The tile pattern above contains just two shapes: kites and darts. They were discoverd in 1974 by the British mathematical physicist Roger Penrose. In 1984, he demonstrated that, when fit together according to certain simple rules, they will cover an infinite plane in an uncountable infinite number of arrangements.
As the kite and dart pattern expands to fill the plane, it displays certain local symmetries, but no specific patch is ever repeated; that is, the system is aperiodic. By contrast, the surrounding rectangular tile pattern may also extend infinitely, but does repeat itself; any patch matches all others. Every Penrose kite and dart tiling of a plane contains the cartwheel patch displayed here, but just once. Understanding its composition is essential to understanding all Penrose tilings.
The installation of our tiles grew out of discussions between Elisabeth Steele '96 and Professor Brian Loe following the 1992 Pre-Freshman Math and Science Program sponsored by the Office of Multicultural Affairs. It was made possible in part by gifts from members of the Department of Mathematics and Computer Science and friends of the College. It is used with the permission of Roger Penrose.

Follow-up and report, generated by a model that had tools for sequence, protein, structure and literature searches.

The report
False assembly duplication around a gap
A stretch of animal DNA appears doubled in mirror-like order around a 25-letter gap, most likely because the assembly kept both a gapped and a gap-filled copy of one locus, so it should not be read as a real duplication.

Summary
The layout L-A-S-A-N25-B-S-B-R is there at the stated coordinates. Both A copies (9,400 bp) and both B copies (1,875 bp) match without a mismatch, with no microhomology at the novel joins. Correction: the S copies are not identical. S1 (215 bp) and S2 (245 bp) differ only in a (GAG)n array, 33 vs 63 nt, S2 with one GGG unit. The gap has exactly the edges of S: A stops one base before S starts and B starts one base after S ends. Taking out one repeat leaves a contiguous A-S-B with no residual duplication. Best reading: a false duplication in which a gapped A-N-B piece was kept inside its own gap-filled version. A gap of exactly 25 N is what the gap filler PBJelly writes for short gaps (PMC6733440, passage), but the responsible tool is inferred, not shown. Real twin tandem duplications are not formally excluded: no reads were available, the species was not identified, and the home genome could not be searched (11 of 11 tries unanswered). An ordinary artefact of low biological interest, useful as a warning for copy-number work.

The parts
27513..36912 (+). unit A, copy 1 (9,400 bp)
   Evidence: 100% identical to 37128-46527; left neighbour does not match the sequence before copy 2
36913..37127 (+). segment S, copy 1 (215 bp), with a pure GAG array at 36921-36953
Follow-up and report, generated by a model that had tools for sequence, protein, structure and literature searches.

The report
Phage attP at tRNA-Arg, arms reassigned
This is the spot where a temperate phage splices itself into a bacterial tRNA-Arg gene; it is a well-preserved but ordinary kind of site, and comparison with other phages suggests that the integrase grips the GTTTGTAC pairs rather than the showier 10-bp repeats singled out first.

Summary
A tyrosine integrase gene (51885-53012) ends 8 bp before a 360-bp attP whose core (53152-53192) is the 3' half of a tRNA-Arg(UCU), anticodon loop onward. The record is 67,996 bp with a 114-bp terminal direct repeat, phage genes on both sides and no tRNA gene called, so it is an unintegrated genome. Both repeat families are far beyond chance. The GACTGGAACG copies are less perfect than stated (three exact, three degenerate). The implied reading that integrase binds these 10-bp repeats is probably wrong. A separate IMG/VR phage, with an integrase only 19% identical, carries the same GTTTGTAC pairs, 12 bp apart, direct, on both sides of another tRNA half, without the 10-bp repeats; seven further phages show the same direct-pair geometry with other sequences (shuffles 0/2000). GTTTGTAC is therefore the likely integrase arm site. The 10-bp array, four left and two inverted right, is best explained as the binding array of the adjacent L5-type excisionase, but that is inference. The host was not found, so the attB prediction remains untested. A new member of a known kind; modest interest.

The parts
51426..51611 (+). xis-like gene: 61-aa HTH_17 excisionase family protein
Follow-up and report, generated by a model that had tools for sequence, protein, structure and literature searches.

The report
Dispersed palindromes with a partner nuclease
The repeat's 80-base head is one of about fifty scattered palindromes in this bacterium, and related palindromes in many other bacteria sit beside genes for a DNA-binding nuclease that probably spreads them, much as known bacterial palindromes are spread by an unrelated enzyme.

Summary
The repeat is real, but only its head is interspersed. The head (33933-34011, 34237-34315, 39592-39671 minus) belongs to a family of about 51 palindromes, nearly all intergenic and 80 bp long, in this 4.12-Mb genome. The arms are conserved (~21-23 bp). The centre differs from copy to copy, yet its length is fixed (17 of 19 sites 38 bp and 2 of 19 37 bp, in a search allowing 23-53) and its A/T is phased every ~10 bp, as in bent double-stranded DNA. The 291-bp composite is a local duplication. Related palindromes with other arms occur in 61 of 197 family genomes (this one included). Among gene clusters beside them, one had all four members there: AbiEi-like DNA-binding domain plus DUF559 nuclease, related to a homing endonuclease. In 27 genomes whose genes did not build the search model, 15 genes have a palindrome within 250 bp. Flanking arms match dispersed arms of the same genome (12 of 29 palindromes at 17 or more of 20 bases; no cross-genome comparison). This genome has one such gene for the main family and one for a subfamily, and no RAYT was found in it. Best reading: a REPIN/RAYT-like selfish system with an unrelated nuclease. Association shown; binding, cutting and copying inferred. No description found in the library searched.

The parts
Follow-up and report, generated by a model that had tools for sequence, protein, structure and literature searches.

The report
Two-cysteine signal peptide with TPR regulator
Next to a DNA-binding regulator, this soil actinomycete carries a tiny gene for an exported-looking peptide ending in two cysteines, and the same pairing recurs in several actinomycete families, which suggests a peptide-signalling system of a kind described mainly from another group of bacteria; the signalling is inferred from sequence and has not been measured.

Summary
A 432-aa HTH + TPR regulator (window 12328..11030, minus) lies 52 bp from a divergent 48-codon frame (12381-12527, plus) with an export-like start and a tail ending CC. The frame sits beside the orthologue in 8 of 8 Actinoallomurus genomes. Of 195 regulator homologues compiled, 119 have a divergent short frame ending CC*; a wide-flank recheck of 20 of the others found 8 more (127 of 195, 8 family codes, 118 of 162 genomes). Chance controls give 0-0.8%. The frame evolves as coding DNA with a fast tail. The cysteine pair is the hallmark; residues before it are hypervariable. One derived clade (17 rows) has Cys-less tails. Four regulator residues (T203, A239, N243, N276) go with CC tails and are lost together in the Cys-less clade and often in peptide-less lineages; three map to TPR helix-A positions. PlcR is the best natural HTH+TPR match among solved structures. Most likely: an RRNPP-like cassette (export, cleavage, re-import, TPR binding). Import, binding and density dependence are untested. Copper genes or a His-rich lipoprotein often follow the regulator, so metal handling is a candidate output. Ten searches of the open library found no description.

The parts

The Dr. Matrix Weird Web World of Science (a good intro to periodic tilings)
Penrose Tilings and the Golden Mean
Roger Penrose at Penn State
Penrose Tiles at the Geometry Junkyard
Roger Penrose biography from World of Escher
More on Penrose Tiles
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Michael N. Tie email@example.com